The Case of
The Lively Desert
shows how difficult it may be to have good models of wholes without having good models of parts.
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The previous case introduced the life of the coral reef and brings us to the example of an ecological mystery based on the division of plants and animals in the life of the reef.

The mystery was that the coral reef is, ecologically, a desert. When ecologists looked at coral reefs in the South Pacific (funded to understand how nearby nuclear explosions affected the plants and animals), they got off their ships or planes with a model called the trophic pyramid which is based on set of relationships called the food web. The food web was a graph of "what ate what": (Placeholder image from

which led to a division of the organisms of the ecology into a pyramidal distribution: (Placeholder image from

In this model, solar energy arrives at the bottom of the pyramid and supports the growth of plants, which are in turn consumed by small herbivores, which are in turn consumed by larger carnivores, and so on, up to the sparsely populated top of the pyramid. (That's where most of us are.) Central to this account was 'what ate what' and the fact that plants, which relied on photosynthesis and free-floating chemicals, didn't "eat" anything.

However, when they examined the coral reef closely, these ecologists counted the plants and found that there weren't enough. This isn't obvious at first, because the corals themselves are animals (they eat other organisms) but they live in colonies which look like plants. (As we saw in The Case of The Alien World.)

The number of actual plants on a coral reef is more consistent with a desert than the sense of rainforest-like abundance we find on coral reefs. In fact, the clarity of the water which makes the reef so delightful to divers and photographers is in part a consequence of these "desert" conditions. In colder waters, much of the plant life consists of photoplankton suspended in the water, reducing visibility. These are much less common in tropical waters, increasing visibility. In the clear waters of the coral reef, the trophic pyramid, which scientists had verified in ecologies all over the planet, did not seem to apply.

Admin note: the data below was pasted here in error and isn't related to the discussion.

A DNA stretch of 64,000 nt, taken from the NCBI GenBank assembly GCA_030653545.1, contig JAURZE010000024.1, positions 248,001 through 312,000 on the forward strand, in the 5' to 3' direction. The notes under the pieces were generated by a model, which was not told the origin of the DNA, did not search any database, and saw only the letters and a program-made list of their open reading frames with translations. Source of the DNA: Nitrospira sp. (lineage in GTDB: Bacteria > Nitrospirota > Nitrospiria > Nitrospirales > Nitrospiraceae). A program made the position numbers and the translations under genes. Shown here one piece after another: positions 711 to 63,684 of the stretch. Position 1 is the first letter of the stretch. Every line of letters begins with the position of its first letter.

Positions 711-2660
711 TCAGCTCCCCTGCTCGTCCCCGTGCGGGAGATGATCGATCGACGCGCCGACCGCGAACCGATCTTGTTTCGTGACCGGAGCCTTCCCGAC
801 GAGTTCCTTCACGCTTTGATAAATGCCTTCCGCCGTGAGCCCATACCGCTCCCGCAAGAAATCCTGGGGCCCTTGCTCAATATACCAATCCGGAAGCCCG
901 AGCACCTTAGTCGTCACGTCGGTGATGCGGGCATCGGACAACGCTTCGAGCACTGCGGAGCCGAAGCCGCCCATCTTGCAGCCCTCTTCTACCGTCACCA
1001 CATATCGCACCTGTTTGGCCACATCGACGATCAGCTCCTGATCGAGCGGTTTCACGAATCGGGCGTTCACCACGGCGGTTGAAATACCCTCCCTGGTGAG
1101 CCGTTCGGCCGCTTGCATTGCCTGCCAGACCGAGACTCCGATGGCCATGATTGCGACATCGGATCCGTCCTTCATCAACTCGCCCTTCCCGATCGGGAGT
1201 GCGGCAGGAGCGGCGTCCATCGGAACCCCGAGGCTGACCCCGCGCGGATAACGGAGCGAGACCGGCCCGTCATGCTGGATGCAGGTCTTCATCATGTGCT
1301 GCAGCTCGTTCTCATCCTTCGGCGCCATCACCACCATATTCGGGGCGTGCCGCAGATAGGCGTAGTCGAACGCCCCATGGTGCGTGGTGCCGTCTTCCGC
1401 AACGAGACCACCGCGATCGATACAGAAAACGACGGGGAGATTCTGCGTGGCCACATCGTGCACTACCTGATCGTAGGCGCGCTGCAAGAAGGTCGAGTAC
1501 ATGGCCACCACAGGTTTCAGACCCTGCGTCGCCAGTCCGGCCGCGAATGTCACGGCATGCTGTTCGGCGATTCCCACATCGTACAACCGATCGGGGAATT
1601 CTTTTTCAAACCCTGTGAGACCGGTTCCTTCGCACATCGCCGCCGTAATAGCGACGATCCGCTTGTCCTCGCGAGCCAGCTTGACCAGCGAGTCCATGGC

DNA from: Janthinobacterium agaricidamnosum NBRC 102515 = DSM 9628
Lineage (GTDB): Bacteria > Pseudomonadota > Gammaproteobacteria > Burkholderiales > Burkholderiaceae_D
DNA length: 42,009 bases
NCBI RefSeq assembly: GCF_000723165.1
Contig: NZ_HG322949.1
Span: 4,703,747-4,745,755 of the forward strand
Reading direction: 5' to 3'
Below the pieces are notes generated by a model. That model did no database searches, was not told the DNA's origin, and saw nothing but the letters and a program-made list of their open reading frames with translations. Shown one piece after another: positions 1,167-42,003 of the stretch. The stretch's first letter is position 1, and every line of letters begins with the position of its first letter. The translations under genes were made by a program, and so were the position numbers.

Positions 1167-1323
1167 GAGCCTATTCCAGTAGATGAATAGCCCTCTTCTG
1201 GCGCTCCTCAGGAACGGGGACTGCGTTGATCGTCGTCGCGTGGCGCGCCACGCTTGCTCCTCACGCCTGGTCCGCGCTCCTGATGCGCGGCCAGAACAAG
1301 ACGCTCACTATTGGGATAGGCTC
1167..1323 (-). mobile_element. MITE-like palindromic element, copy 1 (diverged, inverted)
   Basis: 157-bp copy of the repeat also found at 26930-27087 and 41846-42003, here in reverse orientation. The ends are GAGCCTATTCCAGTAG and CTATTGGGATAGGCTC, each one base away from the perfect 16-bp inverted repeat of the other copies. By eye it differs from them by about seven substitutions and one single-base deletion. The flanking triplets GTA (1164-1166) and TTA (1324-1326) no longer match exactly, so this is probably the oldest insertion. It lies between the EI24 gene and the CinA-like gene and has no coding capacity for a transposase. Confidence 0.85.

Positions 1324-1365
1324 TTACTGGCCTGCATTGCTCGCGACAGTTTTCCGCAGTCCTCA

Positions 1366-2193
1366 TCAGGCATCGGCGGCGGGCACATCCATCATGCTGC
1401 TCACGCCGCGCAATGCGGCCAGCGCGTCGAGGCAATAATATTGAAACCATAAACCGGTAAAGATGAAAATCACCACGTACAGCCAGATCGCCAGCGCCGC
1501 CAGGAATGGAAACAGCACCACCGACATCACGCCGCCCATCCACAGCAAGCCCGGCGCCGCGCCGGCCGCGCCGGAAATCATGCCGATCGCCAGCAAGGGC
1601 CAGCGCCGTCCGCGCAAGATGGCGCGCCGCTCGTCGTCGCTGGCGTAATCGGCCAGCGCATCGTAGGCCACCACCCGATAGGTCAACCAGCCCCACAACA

Now it might be that they were not counting right and that their observations were incomplete. Indeed, upon "deeper" examination, the scientists found that an appreciable density of plants were hidden under the sands, but even including these buried plants did not turn the trophic pyramid the right way around.

Inner Secrets

The mystery was solved a number of years later by microscopic examination of the coral itself. The tissues of each individual coral creature (each smaller than a thumbnail) contained myriad small plants called zooxanthella which used photosythesis to produce some of the materials upon which the coral relied. Each coral creature, in some sense, carries a compact and portable farm within its body, using it to provide some of the ingredients for life in the relative desert of the coral reef. When the zooxanthella were taken into account, the trophic pyramid upended, returning to its expected state.

The ecologists originally began to examine the coral reef with a certain model of what constituted an ecology. Part of this model involved an understanding of individual organisms, part involved accounts of how those organisms functioned, and part involved how they interacted. Given this characterization, experience led them to expect that an ecology divided in this way would show certain characteristics, particularly a distribution of plants and animals described by the trophic pyramid.

What were the scientist's options when the data didn't fulfill their expectations? They could have just said "the trophic pyramid holds sometimes," but that would not have been very satisfying --- more of a description than an explanation. This was especially true because the trophic pyramid had a certain logical neccessity: the energy for an ecology has to come from somewhere and the only obvious source of free energy is the sun, which only plants can access directly.

Another possibility would be to look at the categories of animal and plant and rearrange them so that the sessile coral was classified as a plant rather than as an animal. This way of "cooking the books" is sometimes reasonable when the reorganization reflects principled categories. We saw it when hydras and coral polyps were first classified as animals to explain observations of their feeding behavior. In the case of Temberly's reclassification of polyps, such changes are illuminating, but in the coral ecology, the definition "animal" was clearly based on the consumption of other organisms and coral clearly satisfied this definition. (One could watch them eat).